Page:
Professor Viator: N.W.A.'s Anti-Racist Protest Understood Vulgarity, Controversy Were Necessary to Draw Attention to Police Brutality

Monday, June 22, 2020
Photo of five members of N.W.A. standing in front of an industrial building
N.W.A., from left: MC Ren, DJ Yella, Dr. Dre, Ice Cube and Eazy E

THE WASHINGTON POST/SF GATE -- Felicia Angeja Viator is assistant professor of History at San Francisco State University, a former Bay Area DJ and the author of the recently published book, “To Live and Defy in LA: How Gangsta Rap Changed America.” She wrote this op-ed piece for The Washington Post.

“‘F--k tha Police’ was once considered the most outrageous line in hip-hop. It was both the title and chorus of a track on ‘Straight Outta Compton,’ the explosive 1988 debut album from Los Angeles rap group N.W.A.,” Viator wrote. “By the summer of 1989, the Parents’ Music Resource Center and an official in the FBI condemned the group’s ‘cop killer’ record for inciting violence. Meanwhile, with the help of a national ‘fax campaign,’ a predecessor to today’s viral hashtags, the Fraternal Order of Police galvanized local communities from Philadelphia to Shreveport, Louisiana, to boycott N.W.A.’s music and its concerts.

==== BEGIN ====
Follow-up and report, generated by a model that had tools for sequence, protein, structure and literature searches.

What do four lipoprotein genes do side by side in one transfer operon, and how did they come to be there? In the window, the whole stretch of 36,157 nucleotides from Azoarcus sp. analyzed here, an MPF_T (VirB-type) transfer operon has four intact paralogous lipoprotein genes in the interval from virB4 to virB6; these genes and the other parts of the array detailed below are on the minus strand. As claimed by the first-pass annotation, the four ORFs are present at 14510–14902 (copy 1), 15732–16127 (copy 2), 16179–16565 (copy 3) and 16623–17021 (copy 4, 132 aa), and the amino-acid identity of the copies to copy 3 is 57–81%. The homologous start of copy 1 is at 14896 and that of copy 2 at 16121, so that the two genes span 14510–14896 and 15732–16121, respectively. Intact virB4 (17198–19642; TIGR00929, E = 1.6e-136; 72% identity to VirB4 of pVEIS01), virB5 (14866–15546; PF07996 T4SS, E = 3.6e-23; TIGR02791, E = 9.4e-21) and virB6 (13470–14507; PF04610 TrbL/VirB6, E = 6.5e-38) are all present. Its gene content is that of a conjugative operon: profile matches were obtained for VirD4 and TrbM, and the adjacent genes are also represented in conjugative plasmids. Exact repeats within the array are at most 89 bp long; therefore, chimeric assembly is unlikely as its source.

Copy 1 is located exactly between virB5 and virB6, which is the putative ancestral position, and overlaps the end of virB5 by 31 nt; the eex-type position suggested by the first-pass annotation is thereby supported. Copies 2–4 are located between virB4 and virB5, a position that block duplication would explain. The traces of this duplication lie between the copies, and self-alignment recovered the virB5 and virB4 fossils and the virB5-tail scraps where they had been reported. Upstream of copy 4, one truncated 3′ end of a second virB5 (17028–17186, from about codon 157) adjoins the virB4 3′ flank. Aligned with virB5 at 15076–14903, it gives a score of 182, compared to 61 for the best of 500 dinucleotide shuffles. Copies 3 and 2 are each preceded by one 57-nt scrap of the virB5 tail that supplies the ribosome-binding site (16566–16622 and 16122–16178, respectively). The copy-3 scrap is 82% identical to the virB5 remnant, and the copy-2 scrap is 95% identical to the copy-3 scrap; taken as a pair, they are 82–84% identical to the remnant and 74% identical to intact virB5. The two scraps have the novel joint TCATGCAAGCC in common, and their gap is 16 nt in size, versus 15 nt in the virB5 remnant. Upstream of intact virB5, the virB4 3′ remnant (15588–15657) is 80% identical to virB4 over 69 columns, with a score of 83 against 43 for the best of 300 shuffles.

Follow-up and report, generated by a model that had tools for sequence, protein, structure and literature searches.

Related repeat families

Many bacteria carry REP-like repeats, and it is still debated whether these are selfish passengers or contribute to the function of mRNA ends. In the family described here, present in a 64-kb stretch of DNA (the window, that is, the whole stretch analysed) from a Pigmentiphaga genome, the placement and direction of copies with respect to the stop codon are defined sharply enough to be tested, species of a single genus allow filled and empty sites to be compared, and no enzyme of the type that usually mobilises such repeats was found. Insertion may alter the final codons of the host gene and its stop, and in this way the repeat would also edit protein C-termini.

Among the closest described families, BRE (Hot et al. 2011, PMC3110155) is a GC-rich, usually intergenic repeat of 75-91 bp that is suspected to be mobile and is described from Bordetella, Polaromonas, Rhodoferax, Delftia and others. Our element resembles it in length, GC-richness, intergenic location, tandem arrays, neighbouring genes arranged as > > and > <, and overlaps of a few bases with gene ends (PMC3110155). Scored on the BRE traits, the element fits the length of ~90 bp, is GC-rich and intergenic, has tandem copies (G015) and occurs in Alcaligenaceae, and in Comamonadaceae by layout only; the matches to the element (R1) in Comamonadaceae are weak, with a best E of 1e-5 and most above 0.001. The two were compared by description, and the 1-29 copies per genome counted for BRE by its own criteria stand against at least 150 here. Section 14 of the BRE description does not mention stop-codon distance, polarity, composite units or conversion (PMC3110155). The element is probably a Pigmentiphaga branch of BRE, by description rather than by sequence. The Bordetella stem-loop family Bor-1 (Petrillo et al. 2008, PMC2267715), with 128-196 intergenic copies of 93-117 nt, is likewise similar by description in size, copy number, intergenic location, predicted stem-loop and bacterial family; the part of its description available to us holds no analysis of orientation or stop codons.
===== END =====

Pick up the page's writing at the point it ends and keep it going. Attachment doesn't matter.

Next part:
“Rapper Ice Cube called the record his ‘revenge fantasy.’ His lyrical diatribe was an imagined courtroom drama in which the Los Angeles Police Department stood on trial for abuse of power, and young Black men filled the positions of judge, jury, witness and prosecuting attorney. The track was an expression of defiance against a racist system of policing that terrorized Los Angeles’ Black residents and endured despite local and national attention to it.”